Spout (?), v. t. [imp. & p. p. Spouted; p. pr. & vb. n. Spouting.] [Cf. Sw. sputa, spruta, to spout, D. spuit a spout, spuiten to spout, and E. spurt, sprit, v., sprout, sputter; or perhaps akin to E. spit to eject from the mouth.]

1.

To throw out forcibly and abudantly, as liquids through an office or a pipe; to eject in a jet; as, an elephant spouts water from his trunk.

Who kept Jonas in the fish's maw Till he was spouted up at Ninivee? Chaucer.

Next on his belly floats the mighty whale . . . He spouts the tide. Creech.

2.

To utter magniloquently; to recite in an oratorical or pompous manner.

Pray, spout some French, son. Beau. & Fl.

3.

To pawn; to pledge; as, spout a watch.

[Cant]

 

© Webster 1913.


Spout, v. i.

1.

To issue with with violence, or in a jet, as a liquid through a narrow orifice, or from a spout; as, water spouts from a hole; blood spouts from an artery.

All the glittering hill Is bright with spouting rills. Thomson.

2.

To eject water or liquid in a jet.

3.

To utter a speech, especially in a pompous manner.

 

© Webster 1913.


Spout, n. [Cf. Sw. spruta a squirt, a syringe. See Spout, v. t.]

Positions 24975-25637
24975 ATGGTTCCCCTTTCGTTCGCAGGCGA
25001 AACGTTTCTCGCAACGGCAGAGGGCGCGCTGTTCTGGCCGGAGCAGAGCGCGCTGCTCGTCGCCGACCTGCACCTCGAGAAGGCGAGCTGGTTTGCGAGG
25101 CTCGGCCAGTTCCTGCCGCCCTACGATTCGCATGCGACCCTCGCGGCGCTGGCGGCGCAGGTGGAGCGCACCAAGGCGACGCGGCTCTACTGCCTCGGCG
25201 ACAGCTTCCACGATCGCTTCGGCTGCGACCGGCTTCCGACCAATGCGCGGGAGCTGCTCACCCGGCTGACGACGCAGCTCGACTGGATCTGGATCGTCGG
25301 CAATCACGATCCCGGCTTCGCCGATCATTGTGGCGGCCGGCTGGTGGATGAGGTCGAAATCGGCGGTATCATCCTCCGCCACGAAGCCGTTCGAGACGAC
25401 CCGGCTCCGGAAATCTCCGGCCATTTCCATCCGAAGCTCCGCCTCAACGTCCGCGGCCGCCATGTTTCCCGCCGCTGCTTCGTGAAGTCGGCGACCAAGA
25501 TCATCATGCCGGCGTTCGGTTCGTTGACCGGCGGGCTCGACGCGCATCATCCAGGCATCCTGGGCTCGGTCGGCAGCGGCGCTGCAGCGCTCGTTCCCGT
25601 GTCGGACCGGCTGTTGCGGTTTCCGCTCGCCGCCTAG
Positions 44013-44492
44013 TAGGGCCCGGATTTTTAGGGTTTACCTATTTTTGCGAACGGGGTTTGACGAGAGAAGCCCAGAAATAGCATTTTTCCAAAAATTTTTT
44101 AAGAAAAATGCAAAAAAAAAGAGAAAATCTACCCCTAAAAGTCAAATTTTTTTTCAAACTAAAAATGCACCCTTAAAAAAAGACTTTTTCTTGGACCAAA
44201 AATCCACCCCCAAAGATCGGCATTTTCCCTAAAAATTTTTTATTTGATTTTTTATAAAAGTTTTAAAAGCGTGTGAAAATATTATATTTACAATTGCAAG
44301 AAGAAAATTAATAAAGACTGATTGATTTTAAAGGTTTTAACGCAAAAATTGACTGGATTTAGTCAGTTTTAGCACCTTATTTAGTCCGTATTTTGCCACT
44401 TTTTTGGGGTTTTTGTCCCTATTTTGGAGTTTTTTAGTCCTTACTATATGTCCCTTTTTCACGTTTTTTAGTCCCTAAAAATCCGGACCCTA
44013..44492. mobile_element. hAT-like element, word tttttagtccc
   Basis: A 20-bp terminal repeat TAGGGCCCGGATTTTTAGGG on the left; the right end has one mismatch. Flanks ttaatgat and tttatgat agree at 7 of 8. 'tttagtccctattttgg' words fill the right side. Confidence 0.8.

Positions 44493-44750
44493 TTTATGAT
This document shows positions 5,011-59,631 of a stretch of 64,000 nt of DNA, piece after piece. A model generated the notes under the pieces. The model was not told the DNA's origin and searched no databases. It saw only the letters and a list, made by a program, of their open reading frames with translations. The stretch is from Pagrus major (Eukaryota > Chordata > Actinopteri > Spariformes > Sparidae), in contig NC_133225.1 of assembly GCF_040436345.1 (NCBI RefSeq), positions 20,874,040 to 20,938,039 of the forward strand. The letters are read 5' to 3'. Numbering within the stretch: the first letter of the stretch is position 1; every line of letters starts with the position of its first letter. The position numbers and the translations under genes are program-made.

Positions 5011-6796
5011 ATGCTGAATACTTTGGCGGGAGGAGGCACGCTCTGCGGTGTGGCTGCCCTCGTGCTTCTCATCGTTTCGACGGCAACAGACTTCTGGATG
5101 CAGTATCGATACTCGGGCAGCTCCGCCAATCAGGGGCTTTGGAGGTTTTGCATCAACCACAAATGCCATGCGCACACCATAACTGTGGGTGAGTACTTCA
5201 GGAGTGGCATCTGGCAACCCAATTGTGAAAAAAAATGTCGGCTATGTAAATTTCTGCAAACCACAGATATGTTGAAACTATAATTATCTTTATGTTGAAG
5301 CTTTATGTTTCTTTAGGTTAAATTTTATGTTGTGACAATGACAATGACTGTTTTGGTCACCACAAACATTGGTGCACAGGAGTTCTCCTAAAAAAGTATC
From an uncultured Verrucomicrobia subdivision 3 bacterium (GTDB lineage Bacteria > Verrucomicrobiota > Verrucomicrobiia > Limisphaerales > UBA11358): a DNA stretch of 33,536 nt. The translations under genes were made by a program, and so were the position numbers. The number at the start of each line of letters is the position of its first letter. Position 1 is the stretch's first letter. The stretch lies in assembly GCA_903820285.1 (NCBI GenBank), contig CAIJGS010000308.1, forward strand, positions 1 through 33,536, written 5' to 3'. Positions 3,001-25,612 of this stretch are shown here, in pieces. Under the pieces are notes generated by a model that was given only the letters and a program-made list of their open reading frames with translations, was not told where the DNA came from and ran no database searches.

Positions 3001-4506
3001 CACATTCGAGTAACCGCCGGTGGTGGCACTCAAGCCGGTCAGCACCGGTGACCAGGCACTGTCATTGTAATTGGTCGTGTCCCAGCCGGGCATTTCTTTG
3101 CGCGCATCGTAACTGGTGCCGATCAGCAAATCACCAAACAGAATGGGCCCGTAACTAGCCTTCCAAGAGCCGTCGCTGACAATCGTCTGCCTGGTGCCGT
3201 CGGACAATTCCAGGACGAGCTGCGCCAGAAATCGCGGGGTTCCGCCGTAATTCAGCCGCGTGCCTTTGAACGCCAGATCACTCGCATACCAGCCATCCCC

1.

That through which anything spouts; a discharging lip, pipe, or orifice; a tube, pipe, or conductor of any kind through which a liquid is poured, or by which it is conveyed in a stream from one place to another; as, the spout of a teapot; a spout for conducting water from the roof of a building.

Addison. "A conduit with three issuing spouts." Shak.

In whales . . . an ejection thereof [water] is contrived by a fistula, or spout, at the head. Sir T. Browne.

From silver spouts the grateful liquors glide. Pope.

2.

A trough for conducting grain, flour, etc., into a receptacle.

3.

A discharge or jet of water or other liquid, esp. when rising in a column; also, a waterspout.

To put, shove, ∨ pop, up the spout, to pawn or pledge at a pawnbroker's; -- in allusion to the spout up which the pawnbroker sent the ticketed articles. [Cant]

 

© Webster 1913.

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